Transit systems in Florida, Georgia and South Carolina prepping for Hurricane Dorian

Sept. 3, 2019
Regular rail and bus service is suspended in many communities as fleets are called into action to help with evacuations.

Transit providers up and down the south eastern coast of the United States have activated emergency plans, suspended service and are using their fleets to help with the evacuation effort as the effects of Hurricane Dorian are expected to be felt through mid-week.

Amtrak cancelled trains servicing the southeast Florida through Thursday, Sept. 3 and is modifying other routes that serve Georgia. The railroad said service restoration would be dependent on improved weather conditions.

Brightline suspended service on Sept. 2. and said all Brightline stations, including West Palm Beach, Fort Lauderdale and Virgin MiamiCentral, would close until train service resumes.

SunRail posted an update Aug. 30 that it would not run Sept. 2 to Sept. 6 due to Hurricane Dorian and provided an update on Twitter Sept. 1 that said it was monitoring the storm and will resume service as soon as possible.  

The South Florida Regional Transportation Authority (SFRTA) halted Tri-Rail service after the last train, Sunday, Sept. 1, 2019, and will not resume running until further notice. SFRTA explained hurricane winds were expected to cause damage to the rail corridor, especially in the northern part of the corridor located in Palm Beach County. The authority secured crossing gates on the corridor in preparation for the storm.

“We will work as quickly as we can after the storm passes to restore service and have everything back up and running,” said SFRTA Executive Director Steven L. Abrams. “We won’t know when service will be back up just yet, but all our efforts will be focused on getting trains running to help with potential recovery efforts after the storm.”

Further up the coast, Jacksonville Transportation Authority (JTA) planned to suspend all transit services on Tuesday, Sept. 3 at 1 p.m., including all fixed routes, First Coast Flyer BRT lines and the Skyway, in advance of potential impacts of Hurricane Dorian.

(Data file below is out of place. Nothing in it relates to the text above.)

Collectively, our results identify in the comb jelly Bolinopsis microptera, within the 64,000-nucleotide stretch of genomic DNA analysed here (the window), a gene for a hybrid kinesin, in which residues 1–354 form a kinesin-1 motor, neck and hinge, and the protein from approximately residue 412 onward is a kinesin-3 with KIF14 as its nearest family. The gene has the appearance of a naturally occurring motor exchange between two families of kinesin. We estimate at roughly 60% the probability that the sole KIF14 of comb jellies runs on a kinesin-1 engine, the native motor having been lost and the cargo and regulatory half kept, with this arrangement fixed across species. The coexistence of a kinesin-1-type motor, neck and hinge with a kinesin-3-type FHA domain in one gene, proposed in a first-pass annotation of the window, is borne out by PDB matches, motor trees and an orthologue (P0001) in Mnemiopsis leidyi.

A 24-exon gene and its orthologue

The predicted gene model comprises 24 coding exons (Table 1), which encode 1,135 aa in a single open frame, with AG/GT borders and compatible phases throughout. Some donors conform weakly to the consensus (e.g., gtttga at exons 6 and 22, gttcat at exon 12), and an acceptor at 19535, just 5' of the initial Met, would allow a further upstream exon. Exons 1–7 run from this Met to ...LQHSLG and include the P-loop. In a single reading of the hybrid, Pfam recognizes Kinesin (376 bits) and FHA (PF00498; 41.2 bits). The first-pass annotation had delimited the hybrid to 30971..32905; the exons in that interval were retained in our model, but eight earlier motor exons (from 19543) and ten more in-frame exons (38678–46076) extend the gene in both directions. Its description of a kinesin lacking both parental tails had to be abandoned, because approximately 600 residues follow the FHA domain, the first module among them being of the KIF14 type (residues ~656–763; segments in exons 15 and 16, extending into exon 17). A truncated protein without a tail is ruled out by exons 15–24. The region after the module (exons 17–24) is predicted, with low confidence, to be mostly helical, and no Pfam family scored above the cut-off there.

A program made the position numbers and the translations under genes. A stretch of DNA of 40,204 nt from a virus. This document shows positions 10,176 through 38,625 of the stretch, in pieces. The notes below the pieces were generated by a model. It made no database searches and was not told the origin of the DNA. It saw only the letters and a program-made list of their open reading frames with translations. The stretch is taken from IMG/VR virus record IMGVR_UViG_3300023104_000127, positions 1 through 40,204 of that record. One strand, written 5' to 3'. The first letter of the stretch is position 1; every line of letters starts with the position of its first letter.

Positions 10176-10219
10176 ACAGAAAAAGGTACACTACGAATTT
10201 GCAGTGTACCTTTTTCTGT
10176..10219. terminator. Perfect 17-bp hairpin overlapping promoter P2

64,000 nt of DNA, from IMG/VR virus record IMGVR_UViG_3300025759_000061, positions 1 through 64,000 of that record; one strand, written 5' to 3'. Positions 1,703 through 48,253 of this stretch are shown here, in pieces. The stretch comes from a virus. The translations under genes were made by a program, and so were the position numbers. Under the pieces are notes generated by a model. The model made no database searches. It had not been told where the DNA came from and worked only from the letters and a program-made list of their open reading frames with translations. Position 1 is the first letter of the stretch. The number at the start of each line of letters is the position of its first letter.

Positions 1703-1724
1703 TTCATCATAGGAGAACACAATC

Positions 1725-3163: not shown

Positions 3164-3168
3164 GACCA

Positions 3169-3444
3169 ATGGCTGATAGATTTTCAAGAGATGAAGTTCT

JTA’s Connexion paratransit service will only perform life-sustaining and evacuation trips. The authority had evacuation shuttles active Monday evening until 8 p.m. with service expected to resume Tuesday morning and continue for as long as conditions were safe to operate. The JTA’s St. Johns River Ferry was relocated from Mayport Village on Monday and will remain closed until further notice.

Chatham Area Transit (CAT) in Savannah, Ga., began assisting with the mandatory evacuations activated by the storm and will begin waving fares at 8 a.m. on Tuesday to begin transporting residents without private transportation to the Savannah Civic Center. At the Civic Center, residents will be able to board free charter buses to travel to inland shelters.

“The buses are meant to help get residents and visitors out of harm’s way,” said interim Executive Director/CEO Michael Brown. “We encourage those who do not have their own form of transportation to take advantage of the service.”

Charleston Area Regional Transportation Authority (CARTA) suspended regular service on Sept. 2 at 8 p.m. until further notice. CARTA ran its Hurricane Evacuation Peninsula Circulator on Sept. 2 and will start the service between 8 a.m. and 7 p.m. on Sept. 3. The evacuation circulator provides pickups at 14 downtown stops with blue Hurricane Evacuation signs.

The slow-moving storm has been downgraded from a Category 5 to a Category 3 hurricane and its projected path, updated Monday afternoon, shows the main part of the storm will likely steer clear of most of South Florida, except for coastal areas. However, its cone of uncertainty still puts areas such as South Florida at risk of hurricane force winds, heavy rains and storm surges.

If you are in the path of the storm, please make sure you are prepared

About the Author

Mischa Wanek-Libman | Group Editorial Director

Mischa Wanek-Libman serves as editor in chief of Mass Transit magazine and group editorial director of the Infrastructure and Aviation Group at Endeavor Business Media. She is responsible for developing and maintaining the editorial direction of the group and is based in the western suburbs of Chicago.

Wanek-Libman has spent more than 20 years covering transportation issues including construction projects and engineering challenges for various commuter railroads and transit agencies. She has been recognized for editorial excellence through her individual work, as well as for collaborative content. 

She is an active member of the American Public Transportation Association's Marketing and Communications Committee and serves as a Board Observer on the National Railroad Construction and Maintenance Association (NRC) Board of Directors.  

She is a graduate of Drake University, where she earned a Bachelor of Arts degree in Journalism and Mass Communication with a major in magazine journalism and a minor in business management.